Thirty-Six Rabbis Shave for the Brave: The Backstory
Sometimes it is a seemingly innocuous comment that can be the beginning of something amazing.
At the end of October 2013, my dear friend, Rabbi Phyllis Sommer, casually mentioned to me that the time had come for her to participate in a St. Baldrick's shave event. She first had learned about the St. Baldrick's Foundation just after her son, Sam, was diagnosed with acute myeloid leukemia (AML) in June 2012. Like many parents of kids with cancer, Phyllis had long yearned to do something to support the important work of St. Baldrick's. I wondered, aloud, if she thought we might get a few of our colleagues to join her and shave their heads as well. And before long, a plot was hatched: what if 36 Reform rabbis would shave their heads to bring attention to the fact that only 4% of United States federal funding for cancer research is earmarked for all childhood cancers, as well as raise $180,000 for this essential research?
Just two weeks after this conversation, Phyllis and her husband, Rabbi Michael Sommer, learned that Sammy had relapsed. And they had to tell their eight-year-old son that there were no other treatment options. There was no more hope.
But why would anyone shave his or her head?
In 1999, three business men came up with a unique proposal: to shave their heads for donations to raise fund for kids with cancer. On March 17, 2000, they, along with 16 of their colleagues, shaved their heads for what would become the first St. Baldrick's event.
Since that time, the St. Baldrick's Foundation has devoted its efforts to raising more than $100 million in research grants - all for pediatric cancers.
Kids with cancer often lose their hair as a result of their treatments. Shaving heads is one way to show solidarity with them. It also gets attention - necessary attention - to the fact that so little funding goes to pediatric cancer research.
It might seem odd that a group of rabbis has joined forces with what appears to be a Catholic organization. In fact, that is a common question we get. However, St. Baldrick's is not a religious organization. And there is no actual St. Baldrick. St. Baldrick is a mashup of "bald" and "St. Patrick," paying homage to the first event that was held on St. Patrick's Day in 2000.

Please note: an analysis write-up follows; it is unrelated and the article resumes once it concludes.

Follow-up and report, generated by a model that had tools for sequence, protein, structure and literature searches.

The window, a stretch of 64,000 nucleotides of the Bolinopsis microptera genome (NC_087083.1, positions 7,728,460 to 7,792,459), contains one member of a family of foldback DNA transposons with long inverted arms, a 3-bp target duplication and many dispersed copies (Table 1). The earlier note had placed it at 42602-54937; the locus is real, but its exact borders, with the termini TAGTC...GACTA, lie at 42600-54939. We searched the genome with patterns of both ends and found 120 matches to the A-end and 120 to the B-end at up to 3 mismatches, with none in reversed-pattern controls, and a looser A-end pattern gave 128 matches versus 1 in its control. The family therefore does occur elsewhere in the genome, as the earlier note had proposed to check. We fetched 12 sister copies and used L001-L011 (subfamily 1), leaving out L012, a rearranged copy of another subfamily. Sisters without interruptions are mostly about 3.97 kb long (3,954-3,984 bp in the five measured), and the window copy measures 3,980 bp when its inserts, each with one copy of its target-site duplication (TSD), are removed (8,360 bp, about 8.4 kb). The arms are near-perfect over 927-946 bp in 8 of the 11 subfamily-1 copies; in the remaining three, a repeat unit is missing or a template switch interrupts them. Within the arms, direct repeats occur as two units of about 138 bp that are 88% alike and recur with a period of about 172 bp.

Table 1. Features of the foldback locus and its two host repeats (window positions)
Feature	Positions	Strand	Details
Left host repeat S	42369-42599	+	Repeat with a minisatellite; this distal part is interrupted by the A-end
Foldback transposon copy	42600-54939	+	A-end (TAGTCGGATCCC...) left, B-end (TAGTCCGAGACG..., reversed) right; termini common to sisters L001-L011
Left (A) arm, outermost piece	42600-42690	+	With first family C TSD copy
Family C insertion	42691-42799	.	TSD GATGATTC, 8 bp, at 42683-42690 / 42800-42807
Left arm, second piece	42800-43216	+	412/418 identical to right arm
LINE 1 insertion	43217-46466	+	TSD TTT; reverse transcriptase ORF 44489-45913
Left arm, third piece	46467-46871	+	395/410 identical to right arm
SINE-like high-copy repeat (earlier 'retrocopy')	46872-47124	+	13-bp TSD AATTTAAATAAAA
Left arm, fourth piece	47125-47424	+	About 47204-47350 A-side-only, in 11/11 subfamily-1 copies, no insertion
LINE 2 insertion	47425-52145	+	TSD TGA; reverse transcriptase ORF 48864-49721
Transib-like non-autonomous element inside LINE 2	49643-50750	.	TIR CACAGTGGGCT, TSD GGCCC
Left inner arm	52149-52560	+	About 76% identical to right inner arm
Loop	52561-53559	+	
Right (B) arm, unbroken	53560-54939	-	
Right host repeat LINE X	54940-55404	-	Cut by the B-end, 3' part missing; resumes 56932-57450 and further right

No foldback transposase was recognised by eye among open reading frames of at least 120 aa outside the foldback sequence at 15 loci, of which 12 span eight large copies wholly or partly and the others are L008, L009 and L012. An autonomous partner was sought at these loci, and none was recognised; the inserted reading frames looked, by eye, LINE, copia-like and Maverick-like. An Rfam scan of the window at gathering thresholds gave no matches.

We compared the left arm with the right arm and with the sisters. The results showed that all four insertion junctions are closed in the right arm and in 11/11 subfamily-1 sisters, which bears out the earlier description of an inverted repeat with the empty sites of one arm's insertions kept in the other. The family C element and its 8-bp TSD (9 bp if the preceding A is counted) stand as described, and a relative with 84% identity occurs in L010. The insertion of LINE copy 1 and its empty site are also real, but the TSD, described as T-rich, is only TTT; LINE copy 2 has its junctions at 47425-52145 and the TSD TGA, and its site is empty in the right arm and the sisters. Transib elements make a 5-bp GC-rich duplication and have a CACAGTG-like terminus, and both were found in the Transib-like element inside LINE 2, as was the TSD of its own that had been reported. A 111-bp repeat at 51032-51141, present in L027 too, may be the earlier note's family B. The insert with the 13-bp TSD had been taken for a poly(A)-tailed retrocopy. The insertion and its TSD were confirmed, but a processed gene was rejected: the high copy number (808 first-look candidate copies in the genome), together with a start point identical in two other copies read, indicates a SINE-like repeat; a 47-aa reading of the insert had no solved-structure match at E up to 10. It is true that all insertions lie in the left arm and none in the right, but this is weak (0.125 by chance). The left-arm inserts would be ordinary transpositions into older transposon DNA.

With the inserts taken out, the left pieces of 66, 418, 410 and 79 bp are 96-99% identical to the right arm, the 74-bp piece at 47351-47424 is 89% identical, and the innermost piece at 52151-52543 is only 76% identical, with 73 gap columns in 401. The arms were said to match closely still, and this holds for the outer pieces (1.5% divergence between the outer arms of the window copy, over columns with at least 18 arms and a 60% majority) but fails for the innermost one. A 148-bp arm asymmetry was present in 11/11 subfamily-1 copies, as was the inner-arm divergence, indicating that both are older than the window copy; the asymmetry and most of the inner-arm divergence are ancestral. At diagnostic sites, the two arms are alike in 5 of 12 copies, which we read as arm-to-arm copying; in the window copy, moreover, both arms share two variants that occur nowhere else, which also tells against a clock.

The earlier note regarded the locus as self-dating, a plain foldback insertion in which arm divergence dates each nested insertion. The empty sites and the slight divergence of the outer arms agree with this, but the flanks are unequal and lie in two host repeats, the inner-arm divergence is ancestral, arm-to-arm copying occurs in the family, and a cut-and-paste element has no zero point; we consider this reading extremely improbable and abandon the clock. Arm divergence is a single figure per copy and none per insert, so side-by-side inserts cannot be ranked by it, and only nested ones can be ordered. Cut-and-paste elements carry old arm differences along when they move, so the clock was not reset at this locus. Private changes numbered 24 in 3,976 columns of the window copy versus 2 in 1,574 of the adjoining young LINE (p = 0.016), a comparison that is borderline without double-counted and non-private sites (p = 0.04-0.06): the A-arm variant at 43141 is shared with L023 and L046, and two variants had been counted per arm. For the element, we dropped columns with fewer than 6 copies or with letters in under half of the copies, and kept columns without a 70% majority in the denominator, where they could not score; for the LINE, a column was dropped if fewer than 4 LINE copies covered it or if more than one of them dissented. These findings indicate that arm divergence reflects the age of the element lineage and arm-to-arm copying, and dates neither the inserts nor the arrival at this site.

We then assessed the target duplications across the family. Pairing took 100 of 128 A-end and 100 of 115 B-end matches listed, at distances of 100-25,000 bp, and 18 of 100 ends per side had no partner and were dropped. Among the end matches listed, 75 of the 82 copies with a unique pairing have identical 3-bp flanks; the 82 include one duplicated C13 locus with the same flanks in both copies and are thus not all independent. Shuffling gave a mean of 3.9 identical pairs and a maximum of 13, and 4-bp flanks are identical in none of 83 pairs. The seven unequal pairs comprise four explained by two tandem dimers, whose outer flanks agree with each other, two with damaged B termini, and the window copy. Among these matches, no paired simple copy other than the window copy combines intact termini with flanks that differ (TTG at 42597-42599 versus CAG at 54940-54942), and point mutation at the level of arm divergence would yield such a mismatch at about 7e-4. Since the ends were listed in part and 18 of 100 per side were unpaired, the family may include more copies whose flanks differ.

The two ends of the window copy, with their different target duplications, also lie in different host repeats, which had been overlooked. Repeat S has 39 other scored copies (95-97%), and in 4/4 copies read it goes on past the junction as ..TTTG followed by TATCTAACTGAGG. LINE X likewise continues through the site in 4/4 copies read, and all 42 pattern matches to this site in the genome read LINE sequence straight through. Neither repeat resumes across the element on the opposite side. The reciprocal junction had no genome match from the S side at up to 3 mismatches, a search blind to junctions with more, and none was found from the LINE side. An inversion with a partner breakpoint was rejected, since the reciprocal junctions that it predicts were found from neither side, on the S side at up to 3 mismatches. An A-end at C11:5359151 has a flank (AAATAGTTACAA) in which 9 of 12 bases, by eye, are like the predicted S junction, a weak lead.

Many know that the number 36 has special meaning as it is a multiple of 18, the Hebrew numerical equivalent of the word "life." But in our conversation, Phyllis and I were taken with an additional significance of 36. Our sages teach that at all times there are 36 righteous people in the world and if just one of them is missing, the world itself would come to an end. They are known as the Lamed-Vavniks, based on the numeric equivalents of the two Hebrew letters for 36: lamed, which is 30, and vav, which is six. (Tractate Sanhedrin 97b; Tractate Sukkah 45b).
The identities of the Lamed-Vavniks are hidden from each other and even from themselves. In fact, should a person claim to be one of the 36, that would be proof that he or she most certainly is not a Lamed-Vavnik, as a true Lamed-Vavnik is too humble to think that he or she is that righteous.
But what if, for one moment, everyone behaved as if he or she truly was that righteous? Imagine such a world. What if we could offer our colleagues the opportunity to do something righteous?
And so it was that "36 Rabbis Shave for the Brave" was born.
The response from the rabbinic community has been overwhelming. More than 70 rabbis (and a few rabbinic students) have registered to shave their heads at the upcoming convention of the Central Conference of American Rabbis, which will take place in Chicago from March 30 to April 2, 2014. Nearly two dozen others are serving in some other volunteer capacity for the event. The response to our fundraising requests has been equally impressive. We met our initial goal of $180,000 just a few weeks after we launched the #36Rabbis, and set a new goal of $360,000. Currently, with fewer than two weeks until the event, we have raised more than $432,000 on our way to a new goal of $540,000.
In the wee hours of December 14, 2013, surrounded by his loving parents, Samuel Asher Sommer, z"l, breathed his last breath, and on December 16, 2013, he was tenderly laid to rest by his beloved family and friends.
We are a group of slightly meshugene (crazy) but very devoted rabbis who yearn to do something. We couldn't save Sammy; perhaps, though, we can save others like him, and spare other parents like Phyllis and Michael from the pain of telling their child that there is nothing the doctors can do to save his life.